Others who read the results in the 50s/60s include staff announcers Robin Boyle, John Hobday, John Wing, Colin Doran and Jimmy Kinsgbury. Jimmy became the chief announcer and took over when John Webster stepped down in late 1970. Other staff announcers reading the results in the 1970s included Simon Bates, David Bellan and Len Jackson. In about 1973 James Alexander Gordon became the main reader until 2013 but others did cover for him including Tim Gudgin and Paul Leighton. Charlotte Green took over in 2013 but when she was absent the results were read by others including Kevin Howells, Bob Ballard (he told me that he read it once “probably the most nervous I’ve ever been on the wireless”, Delyth Lloyd and Katherine Downes.

Special mention should also go to producer Audrey Adams who joined the BBC in 1983 and has looked after the Classified Footballs Result for decades.     

Sunday, 7 August 2022

Pirates Ahoy


Some 55 years after the Marine, &c., Broadcasting (Offences) Act 1967 came into effect it’s great to see that radio producers are still doffing their collective caps to the pioneers of offshore pirate radio.

This Friday Absolute Radio 60s will become Absolute Radio Pirates for the day (10 am to 10 pm, with the full 8-hour sequence broadcast twice). Taking part are two original pirate jocks, Tony Blackburn and Johnnie Walker. There are archive recordings of Kenny Everett and Tommy Vance with the last Radio London FAB 40. We’ll hear from Susan Calvert, daughter of Reg Calvert who was at the centre of the infamous Radio City incident. David Lloyd provides an historical perspective, whilst Tim Blackmore, Leona Graham and Shaun Keavney talk about the influence of the pirate stations. Adding a more up-to-date spin are Jordan and Perri from KISS Breakfast who look at more recent land-based pirate radio stations. Zeb Soanes will be reading some news bulletins from the original offshore pirate era.   

Absolute Radio Pirates has been part-funded by the Audio Content Fund and is produced for unsual by Laura Grimshaw, formerly of Radio 4 Extra.  Absolute Radio Content Director Paul Sylvester said “Modern radio wouldn’t exist without these titans of broadcasting who introduced British audiences to the likes of The Beatles, The Rolling Stones and Aretha Franklin. We’re proud to pay tribute in a typically unique Absolute Radio way, disrupting the airwaves with an incredible soundtrack, legendary voices, compelling archive and the recreation of vintage news bulletins and ad-breaks.”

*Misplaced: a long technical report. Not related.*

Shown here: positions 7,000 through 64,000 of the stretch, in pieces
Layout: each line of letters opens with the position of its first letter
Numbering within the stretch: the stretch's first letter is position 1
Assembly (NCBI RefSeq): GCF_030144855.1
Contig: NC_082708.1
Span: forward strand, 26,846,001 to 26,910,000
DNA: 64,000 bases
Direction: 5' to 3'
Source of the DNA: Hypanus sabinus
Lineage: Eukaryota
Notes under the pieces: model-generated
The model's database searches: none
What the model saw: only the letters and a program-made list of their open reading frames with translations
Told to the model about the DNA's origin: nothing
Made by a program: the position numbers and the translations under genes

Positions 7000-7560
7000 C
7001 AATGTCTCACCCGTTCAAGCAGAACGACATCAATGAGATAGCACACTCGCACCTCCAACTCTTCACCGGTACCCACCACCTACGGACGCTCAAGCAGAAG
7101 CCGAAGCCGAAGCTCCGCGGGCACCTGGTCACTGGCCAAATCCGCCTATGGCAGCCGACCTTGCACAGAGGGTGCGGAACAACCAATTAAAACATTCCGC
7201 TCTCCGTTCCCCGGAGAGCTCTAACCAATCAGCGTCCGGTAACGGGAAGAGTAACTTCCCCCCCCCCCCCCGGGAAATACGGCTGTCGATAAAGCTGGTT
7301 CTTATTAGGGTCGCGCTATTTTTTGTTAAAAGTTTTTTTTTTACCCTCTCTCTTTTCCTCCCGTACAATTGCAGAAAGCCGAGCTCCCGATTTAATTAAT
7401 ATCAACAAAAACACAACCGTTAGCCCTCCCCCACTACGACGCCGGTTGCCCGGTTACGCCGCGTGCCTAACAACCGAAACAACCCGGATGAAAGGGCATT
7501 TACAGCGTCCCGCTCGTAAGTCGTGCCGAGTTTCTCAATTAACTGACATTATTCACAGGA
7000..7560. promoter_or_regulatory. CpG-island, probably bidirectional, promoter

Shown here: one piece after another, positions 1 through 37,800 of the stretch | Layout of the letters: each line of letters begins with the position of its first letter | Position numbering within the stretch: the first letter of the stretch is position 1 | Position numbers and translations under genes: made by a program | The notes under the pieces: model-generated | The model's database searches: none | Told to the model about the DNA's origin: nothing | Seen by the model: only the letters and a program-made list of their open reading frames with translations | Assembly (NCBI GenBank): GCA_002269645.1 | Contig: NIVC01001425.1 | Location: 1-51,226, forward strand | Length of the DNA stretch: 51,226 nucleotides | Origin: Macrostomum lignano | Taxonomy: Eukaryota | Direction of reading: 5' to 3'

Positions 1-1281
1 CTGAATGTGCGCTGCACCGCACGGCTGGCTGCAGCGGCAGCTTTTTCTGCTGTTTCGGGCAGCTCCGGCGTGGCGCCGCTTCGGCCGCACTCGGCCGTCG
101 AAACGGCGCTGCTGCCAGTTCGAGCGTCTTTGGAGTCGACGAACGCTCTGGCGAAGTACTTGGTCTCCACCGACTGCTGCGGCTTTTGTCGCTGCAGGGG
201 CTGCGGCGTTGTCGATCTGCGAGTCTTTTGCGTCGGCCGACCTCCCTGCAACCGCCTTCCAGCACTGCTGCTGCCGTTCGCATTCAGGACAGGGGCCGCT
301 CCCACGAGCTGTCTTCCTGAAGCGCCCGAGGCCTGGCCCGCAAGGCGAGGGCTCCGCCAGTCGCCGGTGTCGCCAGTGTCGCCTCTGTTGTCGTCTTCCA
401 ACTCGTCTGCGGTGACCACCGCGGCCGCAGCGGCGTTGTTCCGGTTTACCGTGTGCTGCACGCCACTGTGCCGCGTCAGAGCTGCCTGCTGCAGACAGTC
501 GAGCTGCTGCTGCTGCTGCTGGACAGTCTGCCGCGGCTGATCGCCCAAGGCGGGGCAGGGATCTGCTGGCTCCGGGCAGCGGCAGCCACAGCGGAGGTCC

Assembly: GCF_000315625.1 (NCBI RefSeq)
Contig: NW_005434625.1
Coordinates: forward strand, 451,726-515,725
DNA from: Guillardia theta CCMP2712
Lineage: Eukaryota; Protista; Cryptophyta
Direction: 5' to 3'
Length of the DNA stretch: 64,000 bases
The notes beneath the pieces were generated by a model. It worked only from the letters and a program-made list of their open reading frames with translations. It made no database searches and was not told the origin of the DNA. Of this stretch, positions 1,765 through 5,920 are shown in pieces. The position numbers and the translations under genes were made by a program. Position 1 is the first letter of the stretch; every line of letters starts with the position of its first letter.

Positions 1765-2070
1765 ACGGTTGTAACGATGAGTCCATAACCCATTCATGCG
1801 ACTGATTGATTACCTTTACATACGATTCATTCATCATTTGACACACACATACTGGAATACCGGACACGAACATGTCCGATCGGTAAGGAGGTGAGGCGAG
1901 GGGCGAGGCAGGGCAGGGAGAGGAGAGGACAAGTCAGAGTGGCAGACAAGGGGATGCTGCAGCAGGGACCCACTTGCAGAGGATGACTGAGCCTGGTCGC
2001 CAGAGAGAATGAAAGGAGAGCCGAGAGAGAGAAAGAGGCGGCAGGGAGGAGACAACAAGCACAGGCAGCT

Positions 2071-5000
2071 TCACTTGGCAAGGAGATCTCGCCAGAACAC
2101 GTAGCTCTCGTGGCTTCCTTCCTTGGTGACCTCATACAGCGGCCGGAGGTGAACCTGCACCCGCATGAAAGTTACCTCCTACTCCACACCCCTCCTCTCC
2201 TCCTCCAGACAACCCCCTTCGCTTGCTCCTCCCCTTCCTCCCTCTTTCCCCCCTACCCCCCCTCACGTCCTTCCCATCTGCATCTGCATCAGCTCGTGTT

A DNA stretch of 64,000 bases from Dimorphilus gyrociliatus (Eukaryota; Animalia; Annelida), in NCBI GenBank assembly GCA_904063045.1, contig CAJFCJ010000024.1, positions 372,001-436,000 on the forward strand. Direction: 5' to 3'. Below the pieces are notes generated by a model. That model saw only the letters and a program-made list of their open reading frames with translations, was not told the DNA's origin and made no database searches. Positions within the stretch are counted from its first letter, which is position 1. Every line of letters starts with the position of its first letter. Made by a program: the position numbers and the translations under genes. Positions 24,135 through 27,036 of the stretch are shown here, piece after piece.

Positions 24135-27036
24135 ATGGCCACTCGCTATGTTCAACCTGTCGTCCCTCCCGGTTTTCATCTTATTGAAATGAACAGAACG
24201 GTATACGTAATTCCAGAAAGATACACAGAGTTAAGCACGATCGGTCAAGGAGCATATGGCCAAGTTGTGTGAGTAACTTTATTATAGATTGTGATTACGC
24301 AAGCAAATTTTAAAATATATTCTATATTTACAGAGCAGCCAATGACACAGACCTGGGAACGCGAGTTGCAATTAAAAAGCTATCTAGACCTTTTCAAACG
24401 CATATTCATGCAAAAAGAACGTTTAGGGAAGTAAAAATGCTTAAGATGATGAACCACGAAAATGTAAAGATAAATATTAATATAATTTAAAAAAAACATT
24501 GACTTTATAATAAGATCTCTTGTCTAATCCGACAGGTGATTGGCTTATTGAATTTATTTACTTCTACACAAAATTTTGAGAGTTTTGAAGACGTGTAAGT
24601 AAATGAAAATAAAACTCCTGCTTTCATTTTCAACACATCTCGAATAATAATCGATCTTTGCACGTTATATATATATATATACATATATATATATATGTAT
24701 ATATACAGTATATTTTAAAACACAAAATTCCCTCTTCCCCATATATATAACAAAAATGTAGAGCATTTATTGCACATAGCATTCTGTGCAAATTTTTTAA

You can hear Absolute Radio Pirates on the Absolute Radio 60s website here. I've also uploaded to Mixcloud with edits for adverts.


Not unsurprisingly Boom Radio is acknowledging the events of the 1960s and they have changed their schedule for Sunday 14 August. Making another appearance is Johnnie Walker and John Peters plays that final FAB 40.Boom regular Roger Day talks about his time at Swinging Radio England, Caroline and RNI. In the evening it’s the return of DLT, his first radio appearance since his time on United DJs and ends with Cardboard Shoes (just why did Radio Norfolk end Keith’s Sunday night shows?).  “We know this era really chimes with our listeners,” commented Boom Content Director Paul Robey. “The day is a chance to celebrate the influence of what happened back then on the radio we hear today.”

And of course Radio Caroline and Radio Caroline Flashback will also be marking the anniversary over the weekend.

Audio of some of the above programmes will appear on this page in due course.

Between 10 am and noon Johnnie Walker presented this show from his home studio in Dorset. 

From noon John Peters played records from the final Radio London FAB 40 singles rundown. This final chart rundown was played by Tommy Vance on 6 August 1967.

 

At 2pm Roger Day beamed in from his home in Spain to recall his time on air and play some of his favourite records from the time. He marks the timer at 3pm when back on 14 August 1967 Radio London went off air for the last time.


At 6pm DLT was back to talk about his time on the pirate stations and recalls a jam session with Bobby Vee.


And finally at 9pm Keith Skues introduced an hour of pirate stories, featuring Paul Burnett, Johnnie Walker, Tony Blackburn, Colin Berry, Roger Day, Tom Edwards and Nick Bailey.